> describing such will have people actively trying to hit a spot with their
          > string hand, employing more muscles to make that happen, rather than simply
          > letting the shot "open you up". My hand often comes to rest at the back of
          > my head. :)
          >
          > A fantastic example of a release is Natalia Valeeva:
          > http://www.youtube.com/watch?v=aln-GSMmRaU
          >
          > Watch any of the youtube footage of the archery world cups, or world
          > championships for examples of active release.
          >
          > William Arwemakere
          >


        • lynn.palmieri
          Hello, I ve also had issues with having to aim far to the right (right handed in my case). I fell into the bad habit of gripping the bow too hard and also
          Message 4 of 22 , Mar 5, 2013
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            Hello,

            I’ve also had issues with having to aim far to the right (right handed in my case).  I fell into the bad habit of gripping the bow too hard and also lifting my left shoulder.  Shifting back to the pinch grip (holding bow between thumb and first finger for support, one finger curled around to hold bow in place at release only), and consciously making sure my shoulders are dropped brought my targeting back into alignment.  If you have a master or advanced bowman in your vicinity, get them to watch your stance and give you their feedback.  Our group is more than willing to help each other with form when we find we have consistent issues with our shooting.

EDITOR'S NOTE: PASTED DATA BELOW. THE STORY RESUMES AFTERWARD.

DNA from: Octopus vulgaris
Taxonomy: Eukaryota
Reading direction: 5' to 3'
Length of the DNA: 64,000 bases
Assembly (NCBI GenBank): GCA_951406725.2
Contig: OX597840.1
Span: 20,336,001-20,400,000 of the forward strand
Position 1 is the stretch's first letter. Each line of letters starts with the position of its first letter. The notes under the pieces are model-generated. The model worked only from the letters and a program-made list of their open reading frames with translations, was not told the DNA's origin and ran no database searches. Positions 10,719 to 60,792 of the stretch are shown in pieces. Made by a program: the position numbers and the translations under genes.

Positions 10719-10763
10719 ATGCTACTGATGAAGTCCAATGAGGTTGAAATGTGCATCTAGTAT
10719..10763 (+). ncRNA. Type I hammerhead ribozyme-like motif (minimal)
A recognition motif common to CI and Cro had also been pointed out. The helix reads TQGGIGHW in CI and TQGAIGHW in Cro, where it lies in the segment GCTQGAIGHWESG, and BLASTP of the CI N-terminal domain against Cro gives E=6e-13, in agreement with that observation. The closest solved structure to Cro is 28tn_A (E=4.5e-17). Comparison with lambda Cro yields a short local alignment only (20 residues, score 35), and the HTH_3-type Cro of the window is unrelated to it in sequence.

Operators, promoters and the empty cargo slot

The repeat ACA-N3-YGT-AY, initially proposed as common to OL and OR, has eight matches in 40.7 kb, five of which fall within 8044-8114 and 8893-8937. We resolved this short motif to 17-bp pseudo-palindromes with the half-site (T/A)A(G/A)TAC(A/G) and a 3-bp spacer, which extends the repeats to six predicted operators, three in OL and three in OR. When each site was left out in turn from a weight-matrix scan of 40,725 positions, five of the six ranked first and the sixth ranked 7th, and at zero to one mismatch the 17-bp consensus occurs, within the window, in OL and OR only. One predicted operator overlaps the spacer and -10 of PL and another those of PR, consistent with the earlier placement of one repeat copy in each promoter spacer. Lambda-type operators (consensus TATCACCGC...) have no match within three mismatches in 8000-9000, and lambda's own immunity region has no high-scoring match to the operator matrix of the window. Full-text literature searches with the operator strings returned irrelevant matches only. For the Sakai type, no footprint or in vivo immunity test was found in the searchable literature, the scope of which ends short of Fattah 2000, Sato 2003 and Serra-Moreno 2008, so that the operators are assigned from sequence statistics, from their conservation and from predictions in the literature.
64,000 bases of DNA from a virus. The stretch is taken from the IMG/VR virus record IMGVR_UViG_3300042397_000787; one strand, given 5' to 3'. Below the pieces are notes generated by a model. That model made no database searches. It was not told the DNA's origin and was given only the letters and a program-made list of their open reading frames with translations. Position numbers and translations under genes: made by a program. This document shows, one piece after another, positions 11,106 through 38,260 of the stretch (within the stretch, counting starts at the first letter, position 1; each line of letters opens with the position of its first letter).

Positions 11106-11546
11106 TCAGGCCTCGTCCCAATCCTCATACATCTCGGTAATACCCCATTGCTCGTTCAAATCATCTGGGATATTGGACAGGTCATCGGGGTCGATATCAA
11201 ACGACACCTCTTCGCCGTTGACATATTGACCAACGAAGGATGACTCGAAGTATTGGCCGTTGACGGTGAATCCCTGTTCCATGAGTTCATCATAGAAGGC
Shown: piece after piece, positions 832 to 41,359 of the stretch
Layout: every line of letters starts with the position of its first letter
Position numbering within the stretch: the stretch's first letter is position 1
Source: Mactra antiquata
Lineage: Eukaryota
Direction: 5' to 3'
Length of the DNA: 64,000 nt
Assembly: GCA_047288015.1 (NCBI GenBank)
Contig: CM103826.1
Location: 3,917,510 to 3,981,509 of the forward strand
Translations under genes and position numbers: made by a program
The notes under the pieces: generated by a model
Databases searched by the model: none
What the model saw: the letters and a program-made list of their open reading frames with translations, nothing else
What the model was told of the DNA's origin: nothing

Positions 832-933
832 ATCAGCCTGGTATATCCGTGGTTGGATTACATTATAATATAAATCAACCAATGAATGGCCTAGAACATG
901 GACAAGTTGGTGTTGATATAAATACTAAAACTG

Hope you find your answer.

            Elynor.

             

            From: SCA-Archery@yahoogroups.com [mailto:SCA-Archery@yahoogroups.com] On Behalf Of Catherine Townson
            Sent: Monday, March 04, 2013 10:51 AM
            To: SCA-Archery@yahoogroups.com
            Subject: [SCA-Archery] What to do when you are always overspined?

             

             

            Hello all,

             

            I tried looking through the history, but didn't see an answer to my question.

             

            From everything I've read, one should be able to aim the tip of the arrow at the centre of the target, adjusting vertically for range.  In order to hit the target, I have to aim far to the left.  At 20 yards maybe 2-3 feet to the left of the target.  Googling my problem, it appears my arrows are very overspined.  I shoot left handed.

             

            I shoot a 25# recurve bow.  My draw length is 26".  At approximately 2# loss per inch, it means my draw weight is effectively 21#.  I use an approximately 28" shaft length.  I have been unable to find wood shafts lower than a 30-35# spine, mine are currently 35-40# (this was the lowest available at the time) but I have some 30-35# shafts on the way.  I'm using a fast flight string (which I believe adds 5 lbs to the suggested spine weight).  I am currently using 70 gr. points, which is what I was told to use, but I have 100 and 125 gr points on hand.